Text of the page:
The most notable design feature of the new F-150, however, is one you can't see: the fully boxed, partially hydroformed frame, stronger, stiffer and heavier than any previous Ford pickup frame. It's the seven-crossmember skeleton onto which everything else bolts, and accounts for quite a bit of the nearly 675 pounds more weight of the new F-150 compared to the old truck. The frame is nine times more resistant to twisting and 50 percent more resistant to bending than the old C-shaped frame.
The front suspension is a completely new double-wishbone style for both 2WD and 4WD versions. The rear suspension now has outboard, rather than inboard, shock absorbers to control the rear end of the truck better in quick maneuvers, along with wider, heavier three-inch leaf springs.
The steering has been changed to a heavy-duty power-assisted rack-and-pinion system. Underneath, are four-wheel ventilated disc brakes with ABS and electronic brake force distribution (EBD), which come standard.
In Lariat trim, the Ford F-150 rivals luxury cars in terms of design, materials and completeness, with beautiful, rich wood trim, both shiny and matte metallic finishes on major panels, and a lovely three-pod instrument panel behind the multi-function steering wheel.
Although we were able to sample some of the other models, our test truck was a 2004 F-150 Lariat SuperCab 4X2 Styleside with a 6.5-foot bed and the 5.4-liter 3-valve V-8 engine, a black truck with beige lower trim and a beige leather interior.
Our truck had every known amenity: keyless entry, a rear power point, autolamp, delayed accessory power, outside temperature and compass readouts, message center and trip computer, adjustable pedals, the deluxe heated and self-dimming mirror package, power locks, power windows, visor vanity mirrors, HomeLink, and a set of overhead storage bins. (There are five different snap-in sets of these bins, which ride on overhead rails, and the aftermarket is already making additional versions with overhead entertainment systems and other specialty items built in.)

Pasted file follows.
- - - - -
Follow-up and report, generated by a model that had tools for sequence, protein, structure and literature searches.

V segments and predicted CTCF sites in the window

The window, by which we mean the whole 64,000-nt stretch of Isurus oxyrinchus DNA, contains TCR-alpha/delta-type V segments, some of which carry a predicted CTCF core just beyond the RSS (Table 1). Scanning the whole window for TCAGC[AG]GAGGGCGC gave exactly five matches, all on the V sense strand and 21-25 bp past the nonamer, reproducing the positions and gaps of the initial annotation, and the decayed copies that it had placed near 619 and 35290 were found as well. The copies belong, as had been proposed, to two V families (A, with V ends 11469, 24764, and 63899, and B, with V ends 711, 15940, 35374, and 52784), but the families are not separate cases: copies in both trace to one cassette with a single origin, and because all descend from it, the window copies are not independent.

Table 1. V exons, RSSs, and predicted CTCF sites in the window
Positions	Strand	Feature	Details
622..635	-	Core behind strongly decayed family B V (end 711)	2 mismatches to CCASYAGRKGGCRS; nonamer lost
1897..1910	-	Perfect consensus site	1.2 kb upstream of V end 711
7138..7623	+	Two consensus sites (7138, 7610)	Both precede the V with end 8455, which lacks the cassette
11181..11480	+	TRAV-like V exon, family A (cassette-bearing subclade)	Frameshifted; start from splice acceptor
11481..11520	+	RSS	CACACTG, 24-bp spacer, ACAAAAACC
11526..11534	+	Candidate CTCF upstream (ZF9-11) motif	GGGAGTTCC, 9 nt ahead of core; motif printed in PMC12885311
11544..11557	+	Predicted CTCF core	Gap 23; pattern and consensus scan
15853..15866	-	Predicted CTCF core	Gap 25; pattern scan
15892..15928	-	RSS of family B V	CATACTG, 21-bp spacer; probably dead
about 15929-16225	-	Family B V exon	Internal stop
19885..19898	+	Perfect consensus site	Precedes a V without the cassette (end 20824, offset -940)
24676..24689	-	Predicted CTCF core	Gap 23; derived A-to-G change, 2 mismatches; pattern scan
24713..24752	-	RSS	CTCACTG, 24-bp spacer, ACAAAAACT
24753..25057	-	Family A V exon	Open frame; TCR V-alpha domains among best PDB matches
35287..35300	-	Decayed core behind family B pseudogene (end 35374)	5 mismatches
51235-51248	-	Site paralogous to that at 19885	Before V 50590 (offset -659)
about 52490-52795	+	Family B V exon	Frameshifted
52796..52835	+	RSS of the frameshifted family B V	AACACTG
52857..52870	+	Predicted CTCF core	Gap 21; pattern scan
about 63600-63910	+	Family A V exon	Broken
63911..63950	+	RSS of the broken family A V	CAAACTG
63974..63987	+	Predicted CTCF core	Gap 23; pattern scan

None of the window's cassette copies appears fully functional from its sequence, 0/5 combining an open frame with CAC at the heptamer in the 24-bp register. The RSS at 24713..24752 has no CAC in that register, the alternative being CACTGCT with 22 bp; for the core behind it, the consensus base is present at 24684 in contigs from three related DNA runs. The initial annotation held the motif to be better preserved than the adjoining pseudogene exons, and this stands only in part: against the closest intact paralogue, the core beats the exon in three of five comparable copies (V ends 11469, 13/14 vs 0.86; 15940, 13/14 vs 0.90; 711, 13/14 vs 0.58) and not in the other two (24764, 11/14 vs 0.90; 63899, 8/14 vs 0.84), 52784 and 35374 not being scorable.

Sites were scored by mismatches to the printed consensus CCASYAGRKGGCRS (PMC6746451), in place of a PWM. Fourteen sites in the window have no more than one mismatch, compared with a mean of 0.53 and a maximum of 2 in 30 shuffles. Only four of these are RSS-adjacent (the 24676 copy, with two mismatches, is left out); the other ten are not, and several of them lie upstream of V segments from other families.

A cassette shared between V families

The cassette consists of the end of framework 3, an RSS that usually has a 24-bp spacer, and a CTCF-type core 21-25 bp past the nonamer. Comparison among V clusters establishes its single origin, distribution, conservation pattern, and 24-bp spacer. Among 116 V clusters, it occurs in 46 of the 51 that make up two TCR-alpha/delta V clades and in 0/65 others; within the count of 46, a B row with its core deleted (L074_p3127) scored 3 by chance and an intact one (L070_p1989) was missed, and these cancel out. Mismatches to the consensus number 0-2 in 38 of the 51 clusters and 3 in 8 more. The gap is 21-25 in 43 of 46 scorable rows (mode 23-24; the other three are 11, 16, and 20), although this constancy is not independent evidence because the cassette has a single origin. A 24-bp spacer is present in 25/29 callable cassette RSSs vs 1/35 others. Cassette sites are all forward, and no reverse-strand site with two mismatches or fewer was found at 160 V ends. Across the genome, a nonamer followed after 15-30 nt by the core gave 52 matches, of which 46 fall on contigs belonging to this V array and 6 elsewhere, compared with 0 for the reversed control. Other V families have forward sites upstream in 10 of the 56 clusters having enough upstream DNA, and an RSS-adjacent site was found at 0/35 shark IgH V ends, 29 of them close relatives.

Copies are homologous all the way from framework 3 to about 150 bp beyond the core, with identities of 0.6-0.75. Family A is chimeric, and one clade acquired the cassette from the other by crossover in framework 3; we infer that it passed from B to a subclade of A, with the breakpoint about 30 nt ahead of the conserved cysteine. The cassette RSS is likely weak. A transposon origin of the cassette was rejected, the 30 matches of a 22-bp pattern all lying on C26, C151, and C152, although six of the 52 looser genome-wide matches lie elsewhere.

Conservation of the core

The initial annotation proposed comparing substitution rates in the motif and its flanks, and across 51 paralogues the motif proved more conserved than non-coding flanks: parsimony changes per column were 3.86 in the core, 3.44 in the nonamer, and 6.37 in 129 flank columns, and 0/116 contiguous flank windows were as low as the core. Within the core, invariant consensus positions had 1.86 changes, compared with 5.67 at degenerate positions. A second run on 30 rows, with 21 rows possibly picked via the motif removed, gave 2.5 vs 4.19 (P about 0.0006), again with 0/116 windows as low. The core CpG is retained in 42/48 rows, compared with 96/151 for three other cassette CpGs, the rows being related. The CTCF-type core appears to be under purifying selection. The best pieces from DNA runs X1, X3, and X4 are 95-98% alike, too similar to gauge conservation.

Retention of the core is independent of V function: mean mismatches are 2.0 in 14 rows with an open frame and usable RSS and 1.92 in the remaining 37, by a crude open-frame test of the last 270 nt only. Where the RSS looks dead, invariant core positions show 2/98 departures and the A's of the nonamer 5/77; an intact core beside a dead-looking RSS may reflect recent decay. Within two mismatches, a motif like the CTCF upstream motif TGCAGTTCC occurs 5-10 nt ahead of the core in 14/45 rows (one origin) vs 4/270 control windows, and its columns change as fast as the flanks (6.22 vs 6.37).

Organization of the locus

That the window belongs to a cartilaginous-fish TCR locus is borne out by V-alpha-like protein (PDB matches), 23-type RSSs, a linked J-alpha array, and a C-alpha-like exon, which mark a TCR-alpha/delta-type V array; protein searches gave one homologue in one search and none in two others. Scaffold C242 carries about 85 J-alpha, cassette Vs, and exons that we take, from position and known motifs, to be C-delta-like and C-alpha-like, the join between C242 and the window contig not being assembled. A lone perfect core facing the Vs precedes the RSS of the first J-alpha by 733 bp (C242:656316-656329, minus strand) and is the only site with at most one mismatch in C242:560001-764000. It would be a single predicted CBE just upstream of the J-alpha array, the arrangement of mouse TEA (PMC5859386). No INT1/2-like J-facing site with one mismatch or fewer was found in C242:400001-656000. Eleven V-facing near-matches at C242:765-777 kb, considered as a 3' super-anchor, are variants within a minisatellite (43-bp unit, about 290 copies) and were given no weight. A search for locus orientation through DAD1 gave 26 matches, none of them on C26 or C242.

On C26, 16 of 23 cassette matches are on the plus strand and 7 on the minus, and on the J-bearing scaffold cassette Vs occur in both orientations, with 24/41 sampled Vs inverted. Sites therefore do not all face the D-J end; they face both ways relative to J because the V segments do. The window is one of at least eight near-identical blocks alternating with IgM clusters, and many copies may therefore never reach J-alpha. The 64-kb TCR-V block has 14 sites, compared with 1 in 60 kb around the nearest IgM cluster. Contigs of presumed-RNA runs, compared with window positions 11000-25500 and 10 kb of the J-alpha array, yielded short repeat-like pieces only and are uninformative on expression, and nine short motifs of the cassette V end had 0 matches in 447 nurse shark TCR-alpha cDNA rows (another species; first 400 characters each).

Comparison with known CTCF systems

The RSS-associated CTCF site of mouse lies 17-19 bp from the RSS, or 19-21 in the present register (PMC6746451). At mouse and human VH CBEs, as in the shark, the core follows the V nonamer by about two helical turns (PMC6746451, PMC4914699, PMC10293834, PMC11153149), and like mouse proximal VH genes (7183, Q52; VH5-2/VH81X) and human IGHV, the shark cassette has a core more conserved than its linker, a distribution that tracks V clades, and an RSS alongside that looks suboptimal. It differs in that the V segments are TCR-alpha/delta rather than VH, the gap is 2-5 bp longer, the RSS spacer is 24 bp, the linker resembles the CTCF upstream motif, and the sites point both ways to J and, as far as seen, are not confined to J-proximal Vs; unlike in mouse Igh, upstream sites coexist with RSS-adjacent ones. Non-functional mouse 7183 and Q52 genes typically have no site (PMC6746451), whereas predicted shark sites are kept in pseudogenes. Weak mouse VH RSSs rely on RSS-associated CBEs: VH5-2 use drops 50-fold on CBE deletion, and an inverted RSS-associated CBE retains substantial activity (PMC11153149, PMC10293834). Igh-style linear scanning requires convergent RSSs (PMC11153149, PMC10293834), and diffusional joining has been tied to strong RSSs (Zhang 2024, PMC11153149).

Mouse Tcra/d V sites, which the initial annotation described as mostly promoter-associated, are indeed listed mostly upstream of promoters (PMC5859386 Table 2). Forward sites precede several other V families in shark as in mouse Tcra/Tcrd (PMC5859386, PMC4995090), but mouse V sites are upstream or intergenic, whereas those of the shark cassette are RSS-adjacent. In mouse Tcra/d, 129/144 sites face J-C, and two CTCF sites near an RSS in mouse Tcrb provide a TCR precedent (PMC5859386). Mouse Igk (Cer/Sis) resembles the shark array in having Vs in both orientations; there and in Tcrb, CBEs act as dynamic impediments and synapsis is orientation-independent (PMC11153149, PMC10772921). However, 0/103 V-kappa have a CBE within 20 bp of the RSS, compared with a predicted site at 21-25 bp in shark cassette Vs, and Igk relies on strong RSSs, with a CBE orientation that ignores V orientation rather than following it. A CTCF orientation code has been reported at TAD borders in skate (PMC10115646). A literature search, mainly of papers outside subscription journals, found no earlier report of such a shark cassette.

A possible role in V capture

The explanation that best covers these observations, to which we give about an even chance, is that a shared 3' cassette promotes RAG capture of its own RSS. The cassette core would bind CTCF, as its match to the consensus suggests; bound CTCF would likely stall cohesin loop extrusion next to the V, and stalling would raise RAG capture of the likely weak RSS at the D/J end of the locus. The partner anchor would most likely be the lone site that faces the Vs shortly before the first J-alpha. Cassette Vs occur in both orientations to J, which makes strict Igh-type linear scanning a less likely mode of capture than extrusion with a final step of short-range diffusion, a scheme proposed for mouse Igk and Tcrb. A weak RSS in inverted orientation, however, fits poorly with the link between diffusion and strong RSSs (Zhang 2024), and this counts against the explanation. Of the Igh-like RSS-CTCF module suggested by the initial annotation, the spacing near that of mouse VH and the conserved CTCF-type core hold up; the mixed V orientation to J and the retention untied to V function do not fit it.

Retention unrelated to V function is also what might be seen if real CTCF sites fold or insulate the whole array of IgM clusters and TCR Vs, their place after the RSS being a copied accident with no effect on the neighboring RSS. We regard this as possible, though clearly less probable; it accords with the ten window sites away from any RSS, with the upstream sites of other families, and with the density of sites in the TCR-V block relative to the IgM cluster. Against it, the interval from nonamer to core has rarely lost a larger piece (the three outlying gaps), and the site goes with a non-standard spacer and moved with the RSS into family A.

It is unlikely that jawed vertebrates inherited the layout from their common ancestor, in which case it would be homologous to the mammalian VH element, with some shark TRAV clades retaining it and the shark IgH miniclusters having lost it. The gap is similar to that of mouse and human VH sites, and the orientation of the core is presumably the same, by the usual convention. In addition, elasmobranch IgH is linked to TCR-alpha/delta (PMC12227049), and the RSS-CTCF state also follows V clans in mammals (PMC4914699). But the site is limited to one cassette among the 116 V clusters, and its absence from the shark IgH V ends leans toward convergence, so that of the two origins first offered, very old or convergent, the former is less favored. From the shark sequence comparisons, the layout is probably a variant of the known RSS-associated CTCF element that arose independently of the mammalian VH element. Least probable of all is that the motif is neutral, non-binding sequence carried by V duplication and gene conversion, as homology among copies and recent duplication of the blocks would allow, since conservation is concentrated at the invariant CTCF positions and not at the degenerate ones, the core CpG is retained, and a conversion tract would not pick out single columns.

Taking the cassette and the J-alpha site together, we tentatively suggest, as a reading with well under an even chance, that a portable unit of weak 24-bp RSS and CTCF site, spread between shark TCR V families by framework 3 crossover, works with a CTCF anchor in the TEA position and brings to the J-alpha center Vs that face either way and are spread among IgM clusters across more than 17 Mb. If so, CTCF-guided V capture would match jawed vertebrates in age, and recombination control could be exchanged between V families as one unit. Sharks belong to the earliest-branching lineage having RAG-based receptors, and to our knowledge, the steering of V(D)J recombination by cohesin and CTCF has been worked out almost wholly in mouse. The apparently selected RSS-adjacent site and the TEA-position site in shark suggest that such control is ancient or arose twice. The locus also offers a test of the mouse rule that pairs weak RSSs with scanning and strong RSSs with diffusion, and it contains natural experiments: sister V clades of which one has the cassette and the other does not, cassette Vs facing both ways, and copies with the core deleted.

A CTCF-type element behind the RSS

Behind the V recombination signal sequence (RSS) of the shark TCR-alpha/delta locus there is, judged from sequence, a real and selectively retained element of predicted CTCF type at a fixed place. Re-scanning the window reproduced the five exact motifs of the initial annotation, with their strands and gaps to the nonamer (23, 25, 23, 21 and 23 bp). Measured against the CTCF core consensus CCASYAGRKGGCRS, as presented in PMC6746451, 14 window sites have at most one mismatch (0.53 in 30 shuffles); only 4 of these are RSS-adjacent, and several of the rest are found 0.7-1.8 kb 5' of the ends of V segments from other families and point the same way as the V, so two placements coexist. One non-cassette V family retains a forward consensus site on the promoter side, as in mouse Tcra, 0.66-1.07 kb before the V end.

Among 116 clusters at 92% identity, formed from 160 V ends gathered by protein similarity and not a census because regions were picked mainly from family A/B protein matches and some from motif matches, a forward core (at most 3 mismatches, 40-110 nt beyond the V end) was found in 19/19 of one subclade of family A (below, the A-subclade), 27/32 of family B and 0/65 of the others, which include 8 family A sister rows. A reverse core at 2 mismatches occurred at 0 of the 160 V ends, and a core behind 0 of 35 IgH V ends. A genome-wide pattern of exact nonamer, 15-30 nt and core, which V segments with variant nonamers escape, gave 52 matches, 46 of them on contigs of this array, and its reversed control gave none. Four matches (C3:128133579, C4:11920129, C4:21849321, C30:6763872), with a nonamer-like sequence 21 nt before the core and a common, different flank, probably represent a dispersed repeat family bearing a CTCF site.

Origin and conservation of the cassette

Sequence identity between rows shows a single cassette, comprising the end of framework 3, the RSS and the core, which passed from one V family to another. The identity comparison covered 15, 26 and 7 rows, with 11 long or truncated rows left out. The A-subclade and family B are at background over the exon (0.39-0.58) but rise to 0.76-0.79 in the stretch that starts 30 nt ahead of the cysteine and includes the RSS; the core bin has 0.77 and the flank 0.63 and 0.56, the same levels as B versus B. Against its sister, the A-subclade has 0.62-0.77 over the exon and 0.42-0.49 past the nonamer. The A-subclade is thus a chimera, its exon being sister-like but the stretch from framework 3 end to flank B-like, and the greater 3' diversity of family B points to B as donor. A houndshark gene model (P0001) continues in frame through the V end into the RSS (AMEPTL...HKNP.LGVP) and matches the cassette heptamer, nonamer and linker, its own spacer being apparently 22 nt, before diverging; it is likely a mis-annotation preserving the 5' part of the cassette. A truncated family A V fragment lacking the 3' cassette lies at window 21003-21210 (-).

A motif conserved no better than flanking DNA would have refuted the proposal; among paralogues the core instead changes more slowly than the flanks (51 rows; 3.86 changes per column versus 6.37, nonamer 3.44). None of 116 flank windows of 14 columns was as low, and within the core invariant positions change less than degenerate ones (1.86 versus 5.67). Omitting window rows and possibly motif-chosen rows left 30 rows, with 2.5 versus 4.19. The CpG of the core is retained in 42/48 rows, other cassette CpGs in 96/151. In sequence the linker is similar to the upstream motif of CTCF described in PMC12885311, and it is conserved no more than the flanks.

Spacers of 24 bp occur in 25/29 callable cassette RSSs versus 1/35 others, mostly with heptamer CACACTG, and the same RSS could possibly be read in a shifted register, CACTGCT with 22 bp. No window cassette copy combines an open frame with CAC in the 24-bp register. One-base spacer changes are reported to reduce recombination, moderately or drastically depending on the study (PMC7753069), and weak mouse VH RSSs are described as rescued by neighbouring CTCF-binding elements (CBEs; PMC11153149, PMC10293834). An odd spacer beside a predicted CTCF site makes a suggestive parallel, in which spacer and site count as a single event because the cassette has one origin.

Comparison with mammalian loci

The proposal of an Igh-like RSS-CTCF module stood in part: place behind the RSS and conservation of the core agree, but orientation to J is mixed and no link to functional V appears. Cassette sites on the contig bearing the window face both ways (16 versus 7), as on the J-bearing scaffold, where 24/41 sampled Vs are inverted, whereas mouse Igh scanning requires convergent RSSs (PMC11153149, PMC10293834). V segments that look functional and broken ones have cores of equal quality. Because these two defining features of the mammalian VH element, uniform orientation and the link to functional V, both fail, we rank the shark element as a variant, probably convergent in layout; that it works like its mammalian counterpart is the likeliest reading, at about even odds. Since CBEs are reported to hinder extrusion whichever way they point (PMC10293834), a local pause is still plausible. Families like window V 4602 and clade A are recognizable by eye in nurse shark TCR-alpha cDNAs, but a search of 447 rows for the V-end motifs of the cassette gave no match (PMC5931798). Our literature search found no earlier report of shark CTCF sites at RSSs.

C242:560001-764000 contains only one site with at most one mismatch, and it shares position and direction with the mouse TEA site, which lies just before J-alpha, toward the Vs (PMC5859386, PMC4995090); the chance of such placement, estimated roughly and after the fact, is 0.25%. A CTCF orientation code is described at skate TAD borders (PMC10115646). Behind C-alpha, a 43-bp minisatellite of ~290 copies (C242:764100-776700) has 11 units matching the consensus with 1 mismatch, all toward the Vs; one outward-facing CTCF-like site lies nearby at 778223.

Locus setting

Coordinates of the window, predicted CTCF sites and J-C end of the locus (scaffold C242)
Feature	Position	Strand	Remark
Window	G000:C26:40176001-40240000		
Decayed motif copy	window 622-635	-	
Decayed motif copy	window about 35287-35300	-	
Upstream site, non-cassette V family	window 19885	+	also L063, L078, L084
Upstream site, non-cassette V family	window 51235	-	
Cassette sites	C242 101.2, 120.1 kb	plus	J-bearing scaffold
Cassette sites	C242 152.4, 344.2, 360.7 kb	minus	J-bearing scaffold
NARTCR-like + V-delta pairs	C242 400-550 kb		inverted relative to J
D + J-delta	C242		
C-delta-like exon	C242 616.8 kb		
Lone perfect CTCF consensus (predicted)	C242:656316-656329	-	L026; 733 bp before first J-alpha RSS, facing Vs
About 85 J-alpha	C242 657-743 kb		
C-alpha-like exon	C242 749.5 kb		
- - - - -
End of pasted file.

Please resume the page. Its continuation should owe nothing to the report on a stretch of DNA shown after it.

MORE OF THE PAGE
We would say without a moment of hesitation that this was the classiest, quietest, most completely equipped pickup truck interior we have ever spent time in. The Ford Truck folks committed only one unpardonable by us: the clear plastic over the instrument pod is way, way too reflective and makes most of the instruments difficult to see in bright sunlight. Everything else inside functions very well and looks beautiful.
The new Ford F-150 is built around an improved 4.6-liter V8 for the less-expensive models and, for the larger, heavier models, a brand-new 5.4-liter V8 engine with two intake valves and one exhaust valve per cylinder and a new intake port and combustion chamber design. Ford says that, between these two things, the 5.4-liter engine, which makes a nice, round 300 horsepower and 335 foot-pounds of torque, is also the fuel-stingiest engine the company has ever tested. It's similar in design to the previous 4.6-and 5.4-liter V8s in Ford trucks.